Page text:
• May 8th 2009, 04:37 PM
Dranalion
Hello,

I am stuck with this particular integral:

∫ tan^4(2x)sec^4(2x)dx

As far as I could go was to:

∫ (tan^2(2x)sec^2(2x))^2 dx

Any help is much appreciated,

Dranalion.
• May 8th 2009, 05:02 PM
Chris L T521
Quote:

Originally Posted by Dranalion
Hello,

I am stuck with this particular integral:

∫ tan^4(2x)sec^4(2x)dx

As far as I could go was to:

∫ (tan^2(2x)sec^2(2x))^2 dx

Any help is much appreciated,

Dranalion.

Hint:

\begin{aligned}\int\tan^4\!\left(2x\right)\sec^4\! \left(2x\right)\,dx & = \int\tan^4\!\left(2x\right)\sec^2\!\left(2x\right) \sec^2\!\left(2x\right)\,dx\\ & = \int\tan^4\!\left(2x\right)\left(\tan^2\!\left(2x\ right)+1\right)\sec^2\!\left(2x\right)\,dx\\ & = \int\left(\tan^6\!\left(2x\right)+\tan^4\!\left(2x \right)\right)\sec^2\!\left(2x\right)\,dx\end{alig ned}

Now make the substitution $u=\tan\!\left(2x\right)$

Can you continue?
• May 8th 2009, 05:02 PM
Banned for attempted hacking
Quote:

Originally Posted by Dranalion
Hello,

I am stuck with this particular integral:

∫ tan^4(2x)sec^4(2x)dx

As far as I could go was to:

∫ (tan^2(2x)sec^2(2x))^2 dx

Any help is much appreciated,

Dranalion.

Suggestion
$\int (tan^{2}(2x)sec^2(2x))^{2} dx$=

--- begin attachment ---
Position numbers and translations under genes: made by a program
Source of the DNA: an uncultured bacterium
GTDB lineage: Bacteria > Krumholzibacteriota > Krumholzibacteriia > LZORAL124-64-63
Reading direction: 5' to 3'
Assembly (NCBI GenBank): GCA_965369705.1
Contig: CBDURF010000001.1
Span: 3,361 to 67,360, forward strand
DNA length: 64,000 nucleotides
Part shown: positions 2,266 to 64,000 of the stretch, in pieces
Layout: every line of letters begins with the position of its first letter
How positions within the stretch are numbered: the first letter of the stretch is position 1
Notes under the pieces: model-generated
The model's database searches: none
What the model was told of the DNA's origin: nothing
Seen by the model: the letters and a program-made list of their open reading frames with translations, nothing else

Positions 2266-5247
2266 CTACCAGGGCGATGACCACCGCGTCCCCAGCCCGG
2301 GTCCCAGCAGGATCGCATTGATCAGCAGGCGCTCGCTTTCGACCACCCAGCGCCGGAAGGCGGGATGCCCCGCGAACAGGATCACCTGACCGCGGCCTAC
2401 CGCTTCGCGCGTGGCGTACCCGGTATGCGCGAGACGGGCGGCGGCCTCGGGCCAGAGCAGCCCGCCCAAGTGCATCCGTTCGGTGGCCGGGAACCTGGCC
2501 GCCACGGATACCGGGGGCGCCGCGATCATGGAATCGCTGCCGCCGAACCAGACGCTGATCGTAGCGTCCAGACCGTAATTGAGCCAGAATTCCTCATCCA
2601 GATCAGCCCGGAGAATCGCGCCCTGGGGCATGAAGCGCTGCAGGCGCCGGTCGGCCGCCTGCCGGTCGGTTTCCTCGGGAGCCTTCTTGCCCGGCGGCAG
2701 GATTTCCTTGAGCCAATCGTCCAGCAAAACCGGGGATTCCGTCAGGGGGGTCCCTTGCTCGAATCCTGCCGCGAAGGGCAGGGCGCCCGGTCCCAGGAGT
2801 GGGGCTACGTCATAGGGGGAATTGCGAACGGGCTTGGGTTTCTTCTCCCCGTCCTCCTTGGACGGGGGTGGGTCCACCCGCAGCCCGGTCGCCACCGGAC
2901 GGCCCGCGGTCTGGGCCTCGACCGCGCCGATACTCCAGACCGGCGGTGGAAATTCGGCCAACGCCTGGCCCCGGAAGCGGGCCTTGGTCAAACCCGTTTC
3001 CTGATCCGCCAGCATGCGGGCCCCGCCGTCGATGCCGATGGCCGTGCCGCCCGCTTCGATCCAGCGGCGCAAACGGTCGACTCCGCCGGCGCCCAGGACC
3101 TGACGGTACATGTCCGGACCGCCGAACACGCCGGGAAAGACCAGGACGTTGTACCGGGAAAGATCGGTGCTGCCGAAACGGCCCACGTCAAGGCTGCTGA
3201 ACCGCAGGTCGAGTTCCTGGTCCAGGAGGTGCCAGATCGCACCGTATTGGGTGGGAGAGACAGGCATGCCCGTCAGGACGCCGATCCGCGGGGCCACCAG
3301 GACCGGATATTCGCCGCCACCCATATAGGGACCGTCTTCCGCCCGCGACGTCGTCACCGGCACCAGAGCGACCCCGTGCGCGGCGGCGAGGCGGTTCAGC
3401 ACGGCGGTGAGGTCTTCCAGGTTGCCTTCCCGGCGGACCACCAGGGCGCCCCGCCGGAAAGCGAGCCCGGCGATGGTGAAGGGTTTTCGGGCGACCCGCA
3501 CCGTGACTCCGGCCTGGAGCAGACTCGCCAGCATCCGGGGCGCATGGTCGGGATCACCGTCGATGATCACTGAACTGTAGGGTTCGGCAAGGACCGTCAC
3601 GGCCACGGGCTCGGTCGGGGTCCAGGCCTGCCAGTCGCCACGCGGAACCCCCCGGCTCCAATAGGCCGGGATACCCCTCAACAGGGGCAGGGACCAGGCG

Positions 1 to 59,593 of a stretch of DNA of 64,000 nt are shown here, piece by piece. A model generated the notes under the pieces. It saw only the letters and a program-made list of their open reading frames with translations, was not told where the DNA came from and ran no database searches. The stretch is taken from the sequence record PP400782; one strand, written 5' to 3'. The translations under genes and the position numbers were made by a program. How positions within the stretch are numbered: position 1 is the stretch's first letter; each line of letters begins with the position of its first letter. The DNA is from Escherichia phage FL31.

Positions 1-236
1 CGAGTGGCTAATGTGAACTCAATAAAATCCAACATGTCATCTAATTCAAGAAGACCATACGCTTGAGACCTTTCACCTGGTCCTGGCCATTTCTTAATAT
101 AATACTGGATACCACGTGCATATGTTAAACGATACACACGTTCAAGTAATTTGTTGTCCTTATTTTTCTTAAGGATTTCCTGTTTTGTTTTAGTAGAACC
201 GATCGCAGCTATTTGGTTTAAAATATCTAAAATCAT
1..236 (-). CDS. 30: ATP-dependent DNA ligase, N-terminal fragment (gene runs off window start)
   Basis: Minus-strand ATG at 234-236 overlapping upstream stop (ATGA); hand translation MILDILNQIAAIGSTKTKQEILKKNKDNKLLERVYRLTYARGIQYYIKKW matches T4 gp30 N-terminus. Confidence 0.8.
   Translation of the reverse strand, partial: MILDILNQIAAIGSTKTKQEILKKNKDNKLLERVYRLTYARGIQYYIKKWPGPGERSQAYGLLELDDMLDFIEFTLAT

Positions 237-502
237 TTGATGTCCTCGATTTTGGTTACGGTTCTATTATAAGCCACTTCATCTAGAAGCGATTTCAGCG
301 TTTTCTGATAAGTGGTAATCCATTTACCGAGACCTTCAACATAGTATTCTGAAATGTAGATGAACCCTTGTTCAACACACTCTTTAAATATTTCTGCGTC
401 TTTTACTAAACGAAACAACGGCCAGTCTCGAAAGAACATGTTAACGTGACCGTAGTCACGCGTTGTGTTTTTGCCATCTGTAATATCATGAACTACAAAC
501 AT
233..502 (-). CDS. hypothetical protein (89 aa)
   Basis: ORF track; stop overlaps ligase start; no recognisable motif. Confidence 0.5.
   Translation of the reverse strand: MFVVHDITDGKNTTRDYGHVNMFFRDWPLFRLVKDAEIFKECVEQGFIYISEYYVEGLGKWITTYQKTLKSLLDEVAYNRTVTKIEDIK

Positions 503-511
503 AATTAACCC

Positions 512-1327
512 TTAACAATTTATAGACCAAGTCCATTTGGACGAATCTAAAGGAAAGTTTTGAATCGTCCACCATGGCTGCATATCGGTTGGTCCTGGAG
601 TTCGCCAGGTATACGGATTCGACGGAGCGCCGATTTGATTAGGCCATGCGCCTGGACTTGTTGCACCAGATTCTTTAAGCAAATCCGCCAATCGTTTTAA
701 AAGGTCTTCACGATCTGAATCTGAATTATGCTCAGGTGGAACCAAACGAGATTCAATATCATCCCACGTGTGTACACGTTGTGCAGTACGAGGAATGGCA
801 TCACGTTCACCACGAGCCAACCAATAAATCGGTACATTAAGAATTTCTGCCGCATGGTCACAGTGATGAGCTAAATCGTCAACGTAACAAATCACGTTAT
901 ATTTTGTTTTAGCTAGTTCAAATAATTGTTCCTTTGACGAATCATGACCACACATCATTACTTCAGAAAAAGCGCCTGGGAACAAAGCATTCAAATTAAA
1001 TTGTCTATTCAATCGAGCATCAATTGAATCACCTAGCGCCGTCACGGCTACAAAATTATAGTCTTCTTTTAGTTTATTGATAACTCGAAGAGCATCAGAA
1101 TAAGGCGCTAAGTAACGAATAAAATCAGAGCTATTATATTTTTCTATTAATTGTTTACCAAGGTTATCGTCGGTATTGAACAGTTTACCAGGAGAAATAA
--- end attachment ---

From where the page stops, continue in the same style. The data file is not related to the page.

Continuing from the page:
$\int (tan^{2}(2x) ( 1+tan^{2}(2x) )^{2} dx$
$\int (tan^{4}(2x)+tan^{2}(2x) )^{2} dx$

Multiply out
$\int (tan^{8}(2x)+2tan^{6}(2x) + tan^{4}(2x)) dx$

Use the reduction formula for each of the powers of tanx.

There might be a cleaner way to do this though.
• May 8th 2009, 05:03 PM
Banned for attempted hacking
The above solution is cleaner than what i posted.
• May 9th 2009, 02:17 AM
Dranalion
I understand the process you have used to find an easier integral to evaluate, and also, from the textbook, I know the answer is going to be:

[5*tan^7(2x) + 7*tan^5(2x)] / 70

However, I do not understand the method used to get there!

Can anyone please assist me here?!

Any help much appreciated, again,

Dranalion.
• May 9th 2009, 11:36 AM
Banned for attempted hacking
You have to remember that the answer in your book is simplified.

If you actually evaluate the integral you should get a similar answer which you could simplify; and they would end up been exactly equivalent.

If you don't get the same answer it's alright as long as the logic is correct and there are no mistakes.